(Bloomberg) — General Electric Co. is the laboratory of American management. So when the manufacturing giant says it’s rethinking a bedrock tradition of corporate life — the annual raise — you can bet that C-suites everywhere will be watching closely.
GE executives are reviewing whether annual updates to compensation are the best response to the achievements and needs of employees. The company may also scrap the longstanding and much-imitated system of rating staff on a five-point scale. Decisions on both issues may come within the next several months, spokeswoman Valerie Van den Keybus said by phone.
“We uncovered an opportunity to improve the way we reward people for their contributions,” Janice Semper, GE’s head of executive development, said in an e-mailed response to questions. She said it will involve “being flexible and re-thinking how we define rewards, acknowledging that employees and managers are already thinking beyond annual compensation in this space.”
In the upper reaches of the U.S. labor market, a broader shift in benefits is already under way. Businesses are competing over younger workers for whom other perks may be as important as pay, and senior employees looking for more flexibility as they near retirement. To lure and retain talent, they’re ready to reconsider everything from parental leave and paid time off to when and how performance is rated.
Netflix Inc. said last year that employees can take a year off for child care, and many more companies including Adobe Systems Inc. are offering at least six months. Goldman Sachs and Microsoft Corp., as well as GE itself, are among employers to announce an overhaul of performance review systems in the past year.
Ending annual raises hasn’t played much part in the conversation — yet. When GE considers something like that, “other companies will do it too,” said Ranjay Gulati, a professor at Harvard Business School.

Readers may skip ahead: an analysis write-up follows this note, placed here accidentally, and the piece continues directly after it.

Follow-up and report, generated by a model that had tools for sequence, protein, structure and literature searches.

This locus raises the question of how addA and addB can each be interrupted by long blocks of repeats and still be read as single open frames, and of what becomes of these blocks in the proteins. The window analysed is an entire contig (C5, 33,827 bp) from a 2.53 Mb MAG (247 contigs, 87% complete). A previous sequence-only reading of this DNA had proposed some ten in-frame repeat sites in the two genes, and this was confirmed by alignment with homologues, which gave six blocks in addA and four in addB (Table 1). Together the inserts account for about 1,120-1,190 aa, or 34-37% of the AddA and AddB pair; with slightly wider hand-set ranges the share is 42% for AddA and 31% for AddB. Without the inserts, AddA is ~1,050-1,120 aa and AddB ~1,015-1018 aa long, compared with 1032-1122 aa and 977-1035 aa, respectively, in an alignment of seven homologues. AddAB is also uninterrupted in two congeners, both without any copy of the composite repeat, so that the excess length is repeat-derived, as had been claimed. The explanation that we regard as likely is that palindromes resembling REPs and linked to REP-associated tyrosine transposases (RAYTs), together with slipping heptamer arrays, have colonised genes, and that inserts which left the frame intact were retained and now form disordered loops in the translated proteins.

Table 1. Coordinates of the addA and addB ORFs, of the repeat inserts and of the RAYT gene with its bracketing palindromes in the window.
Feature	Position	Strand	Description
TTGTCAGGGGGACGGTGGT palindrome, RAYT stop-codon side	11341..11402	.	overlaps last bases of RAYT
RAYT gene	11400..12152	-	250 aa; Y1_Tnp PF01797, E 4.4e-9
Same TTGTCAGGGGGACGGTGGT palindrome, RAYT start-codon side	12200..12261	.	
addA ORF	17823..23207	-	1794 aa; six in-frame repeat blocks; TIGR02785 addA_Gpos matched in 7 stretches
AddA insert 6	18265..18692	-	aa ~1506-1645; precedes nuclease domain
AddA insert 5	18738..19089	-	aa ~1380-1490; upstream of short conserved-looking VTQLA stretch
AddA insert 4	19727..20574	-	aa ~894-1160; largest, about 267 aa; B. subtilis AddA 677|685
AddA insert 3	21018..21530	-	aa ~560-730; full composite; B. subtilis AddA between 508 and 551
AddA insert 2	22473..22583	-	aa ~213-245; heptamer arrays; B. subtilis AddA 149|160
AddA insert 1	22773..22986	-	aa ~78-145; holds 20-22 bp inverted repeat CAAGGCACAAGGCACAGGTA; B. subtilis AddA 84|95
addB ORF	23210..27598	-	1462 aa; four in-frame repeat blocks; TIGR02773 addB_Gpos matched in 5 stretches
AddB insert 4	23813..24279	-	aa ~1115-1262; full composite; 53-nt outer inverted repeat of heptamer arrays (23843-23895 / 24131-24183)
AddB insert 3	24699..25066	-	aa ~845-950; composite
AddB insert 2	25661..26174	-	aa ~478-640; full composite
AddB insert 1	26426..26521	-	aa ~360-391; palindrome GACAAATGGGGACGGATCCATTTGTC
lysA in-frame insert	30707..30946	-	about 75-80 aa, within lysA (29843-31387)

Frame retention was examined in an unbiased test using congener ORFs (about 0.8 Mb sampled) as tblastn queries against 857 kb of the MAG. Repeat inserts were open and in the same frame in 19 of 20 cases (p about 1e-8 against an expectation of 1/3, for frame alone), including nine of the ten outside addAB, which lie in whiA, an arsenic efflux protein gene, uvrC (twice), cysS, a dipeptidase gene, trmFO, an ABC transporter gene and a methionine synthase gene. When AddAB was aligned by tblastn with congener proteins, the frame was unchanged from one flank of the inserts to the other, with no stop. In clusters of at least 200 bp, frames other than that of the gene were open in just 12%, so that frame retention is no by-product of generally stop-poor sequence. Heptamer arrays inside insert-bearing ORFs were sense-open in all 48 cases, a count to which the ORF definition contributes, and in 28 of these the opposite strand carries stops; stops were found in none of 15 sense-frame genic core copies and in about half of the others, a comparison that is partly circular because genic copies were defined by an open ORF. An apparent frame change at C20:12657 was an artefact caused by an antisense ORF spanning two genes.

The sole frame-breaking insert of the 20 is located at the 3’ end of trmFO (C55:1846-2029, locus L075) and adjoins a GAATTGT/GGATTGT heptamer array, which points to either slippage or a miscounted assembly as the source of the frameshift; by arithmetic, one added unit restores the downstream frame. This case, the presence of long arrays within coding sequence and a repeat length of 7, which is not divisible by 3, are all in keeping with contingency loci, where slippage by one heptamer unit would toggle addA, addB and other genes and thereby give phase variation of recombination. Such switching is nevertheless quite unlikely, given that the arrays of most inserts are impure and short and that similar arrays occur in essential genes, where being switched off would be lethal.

“People are looking for more flexibility, not more pay necessarily,” he said. “Relying on annual rhythms makes it artificial.”
If America’s most-skilled employees can increasingly order up bespoke packages from their bosses, something like the opposite is happening at the bottom end of the labor market, where temporary or contracted-out jobs with limited benefits make up a growing share. Less than a quarter of all companies in the U.S. offer parents any paid time off, and only about 44 percent of workers qualify even for guaranteed unpaid leave. The gap is fueling concern about rising inequality, and Democratic presidential candidates are backing efforts to enshrine longer parental and sick leave in law, rather than leaving it to the whims of employers.
Across the corporate world, few practices command such broad assent as the annual raise.
Only 1.2 percent of U.S. companies use a discretionary timescale for increasing base pay, according to this year’s compensation survey by Mercer LLC. About 90 percent of companies have a fixed date when everyone receives their raise, assuming one is granted, while about 5 percent make the change for each employee on the anniversary of their hiring or move to their current job.
The idea of a fixed raise-day took root in the 1960s, said Steve Gross, a senior partner at Mercer. Before that, with inflation so low that stores often painted prices on their windows because they rarely changed, employees would typically get a pay increase when they changed job, rather than as an annual event, he said.